ITER vacuum system moves forward

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ITER vacuum system moves forward

Two major design reviews for the ITER vacuum system took place in December. The successful outcome of both means that the leak detection and leak localization systems and the cryopump cryogenic supply system can move forward to Procurement Arrangement signatures with Europe. (Click to view larger version...)
Two major design reviews for the ITER vacuum system took place in December. The successful outcome of both means that the leak detection and leak localization systems and the cryopump cryogenic supply system can move forward to Procurement Arrangement signatures with Europe.
There was no slowing down for the Vacuum team at the end of last year as two major design reviews for the ITER vacuum system were held over an intense four days.

The first was for the vacuum vessel and auxiliaries leak detection and leak localization system. Liam Worth, responsible for the leak detection and localization system for ITER explains: "Modern tokamaks can be brought down by a mere pinhole in their vacuum system or piping networks. Whether microscopic or visible, holes, cracks and faults cause leaks, which in turn allow air, water or helium to diffuse into areas that are forbidden to them. At best, a leak can seriously degrade the machine's performance; at worst, it can stop operations." The review came after an intense R&D program. "Passing the review," says Liam, "successfully puts ITER's main vacuums in a strong position to support reliable operations."

The second review was for the cryopump cryogenic supply system, which effectively controls the heating and cooling of ITER's 18 cryo-pumps. The largest cryo-pumping systems in the world require the largest cryo-pump cryogen distribution system. At the core of the system are the 12 cold valve boxes that distribute cryogen and gas supplies to each pump. 

Liam Worth, Chair Mike Wykes, Wolfgang Obert and Robert Pearce award Stamos Papastergiou (centre) with a block of the ITER vacuum vessel and an ITER-coloured plastic duck in appreciation for his long-term support in the efforts to minimize the effects of water leaks on tokamaks. (Click to view larger version...)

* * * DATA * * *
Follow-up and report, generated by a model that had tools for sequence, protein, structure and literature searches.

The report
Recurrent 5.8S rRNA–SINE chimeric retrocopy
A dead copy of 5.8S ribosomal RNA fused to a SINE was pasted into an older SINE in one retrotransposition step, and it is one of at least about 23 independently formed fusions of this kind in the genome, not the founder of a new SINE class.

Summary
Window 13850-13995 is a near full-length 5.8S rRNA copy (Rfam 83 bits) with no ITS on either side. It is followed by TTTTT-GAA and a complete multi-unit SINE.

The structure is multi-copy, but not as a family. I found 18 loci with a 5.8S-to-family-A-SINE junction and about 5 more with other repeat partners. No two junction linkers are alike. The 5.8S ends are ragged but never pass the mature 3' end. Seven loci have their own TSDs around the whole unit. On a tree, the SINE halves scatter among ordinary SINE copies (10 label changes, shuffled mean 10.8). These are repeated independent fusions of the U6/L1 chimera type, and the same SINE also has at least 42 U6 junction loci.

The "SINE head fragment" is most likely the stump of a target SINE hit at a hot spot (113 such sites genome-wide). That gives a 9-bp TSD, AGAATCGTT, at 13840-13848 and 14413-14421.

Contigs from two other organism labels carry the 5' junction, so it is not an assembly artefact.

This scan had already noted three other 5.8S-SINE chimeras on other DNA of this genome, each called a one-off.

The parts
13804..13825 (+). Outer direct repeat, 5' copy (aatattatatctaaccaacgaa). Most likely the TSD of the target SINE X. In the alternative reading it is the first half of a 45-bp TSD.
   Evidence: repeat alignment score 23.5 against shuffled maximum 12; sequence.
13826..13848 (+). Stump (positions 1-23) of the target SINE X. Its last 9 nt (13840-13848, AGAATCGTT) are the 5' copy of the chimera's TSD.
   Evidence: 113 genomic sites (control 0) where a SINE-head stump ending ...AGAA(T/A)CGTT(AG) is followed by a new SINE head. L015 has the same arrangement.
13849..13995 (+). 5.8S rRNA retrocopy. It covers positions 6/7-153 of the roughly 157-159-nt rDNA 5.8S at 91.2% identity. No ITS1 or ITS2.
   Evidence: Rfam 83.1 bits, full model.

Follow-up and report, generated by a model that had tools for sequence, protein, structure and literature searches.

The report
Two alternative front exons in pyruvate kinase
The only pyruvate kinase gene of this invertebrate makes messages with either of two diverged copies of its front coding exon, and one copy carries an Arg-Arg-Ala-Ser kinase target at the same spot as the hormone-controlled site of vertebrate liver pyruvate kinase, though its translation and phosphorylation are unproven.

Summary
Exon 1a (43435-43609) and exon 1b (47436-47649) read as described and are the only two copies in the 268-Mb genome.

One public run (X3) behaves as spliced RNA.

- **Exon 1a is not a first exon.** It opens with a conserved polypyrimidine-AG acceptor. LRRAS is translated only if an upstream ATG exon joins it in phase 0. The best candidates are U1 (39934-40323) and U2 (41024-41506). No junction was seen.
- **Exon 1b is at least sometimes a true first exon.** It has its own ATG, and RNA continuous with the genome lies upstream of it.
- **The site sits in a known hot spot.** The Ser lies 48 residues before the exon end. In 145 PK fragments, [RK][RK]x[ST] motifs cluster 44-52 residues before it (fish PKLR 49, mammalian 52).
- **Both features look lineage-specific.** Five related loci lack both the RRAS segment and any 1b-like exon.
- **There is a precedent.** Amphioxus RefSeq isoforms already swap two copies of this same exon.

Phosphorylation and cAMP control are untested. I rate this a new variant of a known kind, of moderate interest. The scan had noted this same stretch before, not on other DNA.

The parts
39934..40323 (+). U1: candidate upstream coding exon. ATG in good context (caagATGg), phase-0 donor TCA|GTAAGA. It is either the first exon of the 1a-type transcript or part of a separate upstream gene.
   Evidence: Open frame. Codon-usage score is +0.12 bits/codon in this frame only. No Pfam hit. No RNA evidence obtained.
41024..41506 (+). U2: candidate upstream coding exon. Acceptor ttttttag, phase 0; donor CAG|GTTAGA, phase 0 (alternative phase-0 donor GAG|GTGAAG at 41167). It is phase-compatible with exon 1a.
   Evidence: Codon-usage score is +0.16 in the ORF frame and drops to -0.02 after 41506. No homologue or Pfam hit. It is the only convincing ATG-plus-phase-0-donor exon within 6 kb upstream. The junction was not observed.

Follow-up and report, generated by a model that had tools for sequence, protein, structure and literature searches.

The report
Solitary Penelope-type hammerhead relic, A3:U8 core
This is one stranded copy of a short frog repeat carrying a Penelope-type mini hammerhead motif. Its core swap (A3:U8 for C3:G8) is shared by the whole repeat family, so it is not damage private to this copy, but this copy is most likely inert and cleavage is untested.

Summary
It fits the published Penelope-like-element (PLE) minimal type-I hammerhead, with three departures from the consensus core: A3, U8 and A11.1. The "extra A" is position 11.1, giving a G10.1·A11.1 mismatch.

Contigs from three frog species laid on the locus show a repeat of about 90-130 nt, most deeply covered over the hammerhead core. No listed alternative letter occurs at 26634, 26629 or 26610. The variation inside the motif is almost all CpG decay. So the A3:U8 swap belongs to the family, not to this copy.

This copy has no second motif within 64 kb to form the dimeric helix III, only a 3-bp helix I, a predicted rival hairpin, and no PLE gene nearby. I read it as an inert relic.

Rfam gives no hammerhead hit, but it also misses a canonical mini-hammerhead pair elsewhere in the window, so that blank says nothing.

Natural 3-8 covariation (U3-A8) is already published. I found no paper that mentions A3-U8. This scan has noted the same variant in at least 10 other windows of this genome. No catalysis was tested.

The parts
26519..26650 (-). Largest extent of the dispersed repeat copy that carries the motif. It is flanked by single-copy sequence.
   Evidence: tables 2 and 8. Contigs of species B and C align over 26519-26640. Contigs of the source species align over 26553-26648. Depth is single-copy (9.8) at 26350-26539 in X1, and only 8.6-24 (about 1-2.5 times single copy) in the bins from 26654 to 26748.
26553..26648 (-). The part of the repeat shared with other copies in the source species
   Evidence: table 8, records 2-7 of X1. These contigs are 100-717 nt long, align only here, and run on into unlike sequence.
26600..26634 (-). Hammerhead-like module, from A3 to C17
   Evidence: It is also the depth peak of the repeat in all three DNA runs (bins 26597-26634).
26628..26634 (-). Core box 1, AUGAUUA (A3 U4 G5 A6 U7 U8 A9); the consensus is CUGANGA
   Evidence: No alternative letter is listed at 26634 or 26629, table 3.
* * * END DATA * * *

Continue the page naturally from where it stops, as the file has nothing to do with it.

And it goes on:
Liam Worth, Chair Mike Wykes, Wolfgang Obert and Robert Pearce award Stamos Papastergiou (centre) with a block of the ITER vacuum vessel and an ITER-coloured plastic duck in appreciation for his long-term support in the efforts to minimize the effects of water leaks on tokamaks.
Review chair Wolfgang Obert, the Cryogenic Group Leader at JET and the person responsible for the cutting-edge design and operation of JET cryogenics system, commented: "The meeting was well prepared by the ITER Organization and a considerable amount of work had gone into the design. The system can now go forward to Procurement Arrangement, final design and manufacturing milestones."

"The two reviews involved around 100 presentations, even more drawings and documents, and many man years of design preparations," concluded Robert Pearce, ITER Vacuum Section leader. "The panels of experts at each review helped the vacuum team to make absolutely sure that everything is going in the right direction. The positive outcome of both of these reviews is a credit to the ITER Organization and the European Domestic Agency vacuum teams and another large and successful step towards ITER construction."



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